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Alex Dzyoba
Alex Dzyoba

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gprof and gcov

gprof and gcov are classical profilers that are still in use. Since the dawn of time, they were used by hackers to gain insight into their programs at the source code level.

In the examples below, I’ll use my block_hasher program to illustrate the usage of profilers. because it’s a small and simple utility.


gprof (GNU Profiler) – simple and easy profiler that can show how much time your program spends in routines in percents and seconds. gprof uses source code instrumentation by inserting special mcount function call to gather metrics of your program.

Building with gprof instrumentation

To gather profile you need to compile your program with -pg gcc option and then launch under gprof. For better results and statistical errors elimination, it’s recommended to launch profiling subject several times.

To build with gprof instrumentation invoke gcc like this:

$ gcc <your options> -pg -g prog.c -o prog
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Here is the actual compile instructions for the block_hasher:

$ gcc -lrt -pthread -lcrypto -pg -g block_hasher.c -o block_hasher
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As a result, you’ll get instrumented program. To check if it’s really instrumented just grep mcount symbol.

$ nm block_hasher | grep mcount
     U mcount@@GLIBC_2.2.5
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Profiling block_hasher under gprof

As I said earlier to collect useful statistic we should run the program several times and accumulate metrics. To do that I’ve written simple bash script:


if [[ $# -lt 2 ]]; then
    echo "$0 <number of runs> <program with options...>"
    exit 1

shift 1


# Profile name is a program name (first element in args)
PROFILE_NAME="$(echo "${COMMAND}" | cut -f1 -d' ')"

for i in $(seq 1 ${RUNS}); do

    # Run profiled program
    eval "${COMMAND}"

    # Accumulate gprof statistic
    if [[ -e gmon.sum ]]; then
        gprof -s ${PROFILE_NAME} gmon.out gmon.sum
        mv gmon.out gmon.sum

# Make final profile
gprof ${PROFILE_NAME} gmon.sum > gmon.profile
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So, each launch will create gmon.out that gprof will combine in gmon.sum. Finally, gmon.sum will be feed to gprof to get flat text profile and call graph.

Let’s do this for our program:

$ ./ 10 ./block_hasher -d /dev/sdd -b 1048576 -t 10 -n 1000
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After finish, this script will create gmon.profile - a text profile, that we can analyze.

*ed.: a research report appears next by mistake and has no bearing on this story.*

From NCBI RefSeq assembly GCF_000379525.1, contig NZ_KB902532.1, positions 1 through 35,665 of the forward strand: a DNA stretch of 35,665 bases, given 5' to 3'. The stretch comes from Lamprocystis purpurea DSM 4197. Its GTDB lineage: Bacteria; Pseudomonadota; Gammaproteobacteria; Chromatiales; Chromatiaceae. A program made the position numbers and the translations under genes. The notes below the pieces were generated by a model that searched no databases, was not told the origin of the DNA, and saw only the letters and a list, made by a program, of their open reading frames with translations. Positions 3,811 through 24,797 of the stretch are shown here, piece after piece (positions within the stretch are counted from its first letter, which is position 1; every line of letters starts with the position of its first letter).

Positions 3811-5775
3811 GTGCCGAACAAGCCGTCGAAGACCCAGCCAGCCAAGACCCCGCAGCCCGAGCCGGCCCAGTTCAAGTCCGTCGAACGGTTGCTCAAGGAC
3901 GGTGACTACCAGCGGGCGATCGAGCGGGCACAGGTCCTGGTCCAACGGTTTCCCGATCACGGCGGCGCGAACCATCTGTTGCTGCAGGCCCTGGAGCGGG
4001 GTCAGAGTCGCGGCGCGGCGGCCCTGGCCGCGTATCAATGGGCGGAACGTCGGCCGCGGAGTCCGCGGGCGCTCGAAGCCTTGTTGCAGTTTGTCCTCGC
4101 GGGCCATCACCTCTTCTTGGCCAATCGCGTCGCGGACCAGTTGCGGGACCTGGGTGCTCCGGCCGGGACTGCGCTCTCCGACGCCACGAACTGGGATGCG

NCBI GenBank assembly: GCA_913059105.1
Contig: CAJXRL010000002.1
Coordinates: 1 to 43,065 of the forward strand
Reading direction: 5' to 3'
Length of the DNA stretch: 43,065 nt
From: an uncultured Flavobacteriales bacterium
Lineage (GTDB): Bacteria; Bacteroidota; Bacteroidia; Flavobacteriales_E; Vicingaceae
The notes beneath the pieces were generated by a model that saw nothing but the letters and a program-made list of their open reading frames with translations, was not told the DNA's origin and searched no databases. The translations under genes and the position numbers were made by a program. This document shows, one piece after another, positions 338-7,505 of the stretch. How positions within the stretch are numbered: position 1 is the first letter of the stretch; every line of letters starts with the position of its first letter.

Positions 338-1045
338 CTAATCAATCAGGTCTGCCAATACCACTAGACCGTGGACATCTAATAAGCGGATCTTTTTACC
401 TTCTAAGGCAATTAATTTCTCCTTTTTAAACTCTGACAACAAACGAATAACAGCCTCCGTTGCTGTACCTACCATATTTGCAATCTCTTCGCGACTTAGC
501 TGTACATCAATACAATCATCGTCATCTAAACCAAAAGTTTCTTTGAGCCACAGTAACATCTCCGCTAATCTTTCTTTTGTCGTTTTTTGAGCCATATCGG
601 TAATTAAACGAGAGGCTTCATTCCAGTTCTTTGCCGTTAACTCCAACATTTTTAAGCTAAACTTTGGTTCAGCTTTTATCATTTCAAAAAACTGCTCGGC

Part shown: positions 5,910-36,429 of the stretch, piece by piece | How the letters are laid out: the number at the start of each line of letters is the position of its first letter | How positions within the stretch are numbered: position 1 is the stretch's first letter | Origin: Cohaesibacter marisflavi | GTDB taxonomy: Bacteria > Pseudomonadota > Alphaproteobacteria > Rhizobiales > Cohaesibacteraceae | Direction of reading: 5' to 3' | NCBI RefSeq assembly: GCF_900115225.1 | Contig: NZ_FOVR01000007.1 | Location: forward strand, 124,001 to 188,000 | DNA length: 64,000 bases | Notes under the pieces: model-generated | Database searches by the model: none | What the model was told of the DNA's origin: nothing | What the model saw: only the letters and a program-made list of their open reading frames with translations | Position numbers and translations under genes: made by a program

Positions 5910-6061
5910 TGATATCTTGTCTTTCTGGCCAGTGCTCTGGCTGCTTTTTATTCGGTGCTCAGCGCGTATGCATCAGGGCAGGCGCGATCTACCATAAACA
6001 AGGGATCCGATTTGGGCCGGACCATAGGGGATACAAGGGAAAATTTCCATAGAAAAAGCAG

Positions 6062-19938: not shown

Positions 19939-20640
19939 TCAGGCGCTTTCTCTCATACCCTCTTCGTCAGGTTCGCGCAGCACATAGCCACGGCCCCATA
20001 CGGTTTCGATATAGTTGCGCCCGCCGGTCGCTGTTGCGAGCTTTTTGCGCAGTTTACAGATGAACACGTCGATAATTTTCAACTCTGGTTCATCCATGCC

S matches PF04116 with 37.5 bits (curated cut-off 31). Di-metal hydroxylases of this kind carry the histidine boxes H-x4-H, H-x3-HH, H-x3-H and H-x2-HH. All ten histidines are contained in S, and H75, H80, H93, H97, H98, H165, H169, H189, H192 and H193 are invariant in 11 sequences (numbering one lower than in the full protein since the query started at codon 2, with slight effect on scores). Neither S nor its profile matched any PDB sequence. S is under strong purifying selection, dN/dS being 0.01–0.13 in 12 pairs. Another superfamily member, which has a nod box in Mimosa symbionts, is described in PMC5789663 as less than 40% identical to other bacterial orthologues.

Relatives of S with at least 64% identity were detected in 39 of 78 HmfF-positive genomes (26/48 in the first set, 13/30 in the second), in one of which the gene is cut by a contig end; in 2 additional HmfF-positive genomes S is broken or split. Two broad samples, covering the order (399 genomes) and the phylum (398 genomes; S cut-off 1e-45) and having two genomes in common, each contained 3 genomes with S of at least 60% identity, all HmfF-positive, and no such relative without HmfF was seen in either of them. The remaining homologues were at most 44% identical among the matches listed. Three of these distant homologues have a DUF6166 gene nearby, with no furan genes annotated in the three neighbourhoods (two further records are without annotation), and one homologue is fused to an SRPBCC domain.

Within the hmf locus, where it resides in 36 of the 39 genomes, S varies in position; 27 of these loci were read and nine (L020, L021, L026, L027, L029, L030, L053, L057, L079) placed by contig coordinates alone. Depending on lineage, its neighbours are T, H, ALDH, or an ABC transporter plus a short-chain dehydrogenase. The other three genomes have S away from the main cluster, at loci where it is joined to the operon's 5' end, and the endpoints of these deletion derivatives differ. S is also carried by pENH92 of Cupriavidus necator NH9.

The flat profile has info about program routines and time spent in it.

Flat profile:

Each sample counts as 0.01 seconds.
  % cumulative self self total
 time seconds seconds calls Ts/call Ts/call name
100.24 0.01 0.01 thread_func
  0.00 0.01 0.00 50 0.00 0.00 time_diff
  0.00 0.01 0.00 5 0.00 0.00 bdev_close
  0.00 0.01 0.00 5 0.00 0.00 bdev_open
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gprof metrics are clear from the name. As we can see almost all of it’s time our little program spent in thread function, BUT look at the actual seconds – only 0.01 seconds from whole program execution. It means that it’s not the thread function who is slowing down but something underlying. In the case ofblock_hasher, it’s a pread syscall that does the I/O for the block device.

The call graph is really not interesting here, so I won’t show you it, sorry.


gcov (short for GNU Coverage) – tool to collect function call statistics line-by-line. Usually it’s used in pair with gprof to understand what exact line in slacking function is holds your program down.

Building with gcov instrumentation

Just as gprof you need to recompile your program with gcov flags

# gcc -fprofile-arcs -ftest-coverage -lcrypto -pthread -lrt -Wall -Wextra block_hasher.c -o block_hasher
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There are 2 gcov flags: -fprofile-arcs и -ftest-coverage. First will instrument your program to profile so called arcs – paths in program’s control flow. The second option will make gcc to collect additional notes for arcs profiling and gcov itself.

You can simply put --coverage option which implies both of -fprofile-arcsand -ftest-coverage along with linker -lgcov flag. See GCC debugging options for more info.